Can Iceland’s unique culture and energy system change the way the world generates and uses energy?
Iceland’s capital, Reykjavik, is one of the most sustainable cities in the world. Every building is fueled using clean geothermal power. Iceland is lucky though, most countries don’t have an abundance of geothermal activity to turn into energy. On the other hand, Icelanders own more cars and fly more miles than their European counterparts. This raises the question: which parts of Iceland’s clean energy economy can be shared globally?
With a base in Reykjavik and a time spent in smaller towns across the country we can explore how this country’s unique energy reality posses an inspiration and a challenge to the rest of the world. By visiting key geothermal spots and Icelandic landmarks such as the Blue Lagoon we can get a sense of the country’s geological advantages. With local nonprofits and designers we can consider the balance between architecture, technology, and politics of sustainability.
Right now Iceland is undergoing one of the biggest transformations in the world. It is quickly becoming one of the most desirable tourist spots on the planet--which means that a tiny country is being inundated with all sorts of visitors. This reality is creating new questions about the nation’s future that we want our groups to be mindful of, but also poses new questions for us to explore as well.
Our team has spent time circling the island and exploring the design, entrepreneurship, tourism and energy situation in the country. We’ve traveled with high school students to the country to learn from Iceland’s renewable energy model. Students worked through a design project to think about how similar programs could be explored back home and to consider a modern definition of sustainability.
Some of the questions on our mind: How does Iceland harness its available resources through infrastructure investments and policy choices? How can we better use our own resources at home? How do Iceland’s policies influence citizens’ behavior? Is tourism a force for good on the island? Are there similar approaches possible in the other parts of the world? Can Iceland inspire a new future for global energy usage?
Flights to Iceland arrive in Keflavik which is usually over an hour’s drive from Reykjavik. As flights to Iceland often arrive quite early in the morning, we find a great way to refresh and relax is to stop at the Blue Lagoon (the top tourist spot in the country) for a dip in the hot springs and a quick introduction to geothermal energy. This part of the country is also where we can seek out the Northern Lights during the winter months (we had incredible lucky with nightly showings for a group in 2017).
Exploring the city, meeting with local nonprofits or designers, and conducting our own field research in the city we find there is a lot to explore in Reykjavik itself. The city is also a comfortable base for a variety of day trips and site visits in the country.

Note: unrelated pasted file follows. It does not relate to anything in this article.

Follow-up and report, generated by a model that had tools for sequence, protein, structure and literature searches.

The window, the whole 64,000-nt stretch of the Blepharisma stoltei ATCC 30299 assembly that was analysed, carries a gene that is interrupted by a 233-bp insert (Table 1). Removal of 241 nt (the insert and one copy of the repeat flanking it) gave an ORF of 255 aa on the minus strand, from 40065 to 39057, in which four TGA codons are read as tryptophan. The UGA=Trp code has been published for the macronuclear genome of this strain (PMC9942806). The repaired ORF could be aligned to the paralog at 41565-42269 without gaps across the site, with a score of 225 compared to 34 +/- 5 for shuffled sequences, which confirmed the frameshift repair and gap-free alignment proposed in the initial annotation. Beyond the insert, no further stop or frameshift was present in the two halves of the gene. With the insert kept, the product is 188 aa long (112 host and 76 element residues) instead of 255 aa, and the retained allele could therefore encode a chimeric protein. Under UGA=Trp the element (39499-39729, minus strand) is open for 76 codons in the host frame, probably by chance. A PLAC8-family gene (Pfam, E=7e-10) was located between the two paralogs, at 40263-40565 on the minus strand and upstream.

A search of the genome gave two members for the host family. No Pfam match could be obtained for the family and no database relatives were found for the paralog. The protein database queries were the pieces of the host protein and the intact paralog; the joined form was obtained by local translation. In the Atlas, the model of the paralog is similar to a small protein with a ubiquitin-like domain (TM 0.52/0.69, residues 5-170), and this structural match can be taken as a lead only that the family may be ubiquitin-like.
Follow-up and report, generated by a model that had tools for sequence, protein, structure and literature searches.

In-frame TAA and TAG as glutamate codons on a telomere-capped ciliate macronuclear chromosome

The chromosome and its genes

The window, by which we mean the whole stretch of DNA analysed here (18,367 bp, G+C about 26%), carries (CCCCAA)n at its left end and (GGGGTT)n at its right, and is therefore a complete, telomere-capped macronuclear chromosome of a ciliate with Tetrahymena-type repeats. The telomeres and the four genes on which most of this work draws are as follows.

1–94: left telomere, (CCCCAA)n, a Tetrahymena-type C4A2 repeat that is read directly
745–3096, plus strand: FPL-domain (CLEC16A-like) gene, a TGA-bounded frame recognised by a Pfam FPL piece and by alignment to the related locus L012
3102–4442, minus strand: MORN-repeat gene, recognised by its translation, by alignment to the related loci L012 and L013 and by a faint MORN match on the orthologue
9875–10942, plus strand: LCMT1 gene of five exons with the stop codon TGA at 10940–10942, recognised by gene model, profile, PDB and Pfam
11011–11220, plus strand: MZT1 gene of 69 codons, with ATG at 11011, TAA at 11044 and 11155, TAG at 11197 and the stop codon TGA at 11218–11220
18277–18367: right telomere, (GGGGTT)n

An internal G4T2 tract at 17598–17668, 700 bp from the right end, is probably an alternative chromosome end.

In Reykjavik, we like to spend some time with true locals on a walking tour to get an intro to the city and culture. In town, we will make stops at some of our favorite food spots in the city for Cinnamon rolls, lamb stew, fish and chips, and the famous hot dogs. We also love the heated pools that are part of many icelanders daily routine.
Getting out of the city we can get lunch at the geothermal tomato farm, visit an Iceland energy company’s power stations and hot water plant for as well.
Vik is a village in Southern Iceland that makes for a great base to explore some of the volcanoes, waterfalls, and glaciers of the South Coast. In Vik we can take a day trip to the infamous Eyjafjallajökull which halted all travel to the country in 2010. We can stay near the spectacular Skogafoss waterfall, and set out onto a less technical trek up a glacier.
The Golden Circle:
With our research in mind, we have a number of special stops we like to make on the Golden Circle. The Golden circle is the famous loop of the middle of Iceland where you can visit the original Geysir (the source of the word geyser) and the largest waterfall in the country. At Pingvellir we can touch on Icelandic history (beyond recent history as a filming location for Game of Thrones) and the connection to geology at the continental divide. On one trip we had a fascinating discussion about the impact of public policy while standing in the rift between the two tectonic plates of Europe and North America. And of course there are some amazing hot springs, walks, hidden waterfalls and volcano spotting as well.
Variations and Iceland Ideas:
We think the questions and exposure to energy in Iceland is one of the best frames to visit the country. While a trip about energy is certain to touch on some of the infrastructure, geological, and environmental issues in the country, we think that the policy and social science side is one of the most important takeaways in the country.
With high school groups we like to introduce a mix of STEM and social issues while we think about the future of energy globally through the specific case studies and visits. With other groups interested in Iceland, exploring the current impact of tourism and engaging with the design community in the country can open up some deeper threads of current challenges and opportunities.
Today Iceland is becoming cheaper to fly to, but more expensive to visit. When we start planning a trip to the country the duration and season can dramatically alter the price of the trip and the experience. We had one group visit Iceland the day after one of the countries largest snow storms, and weather will impact every trip to the North Atlantic in some way.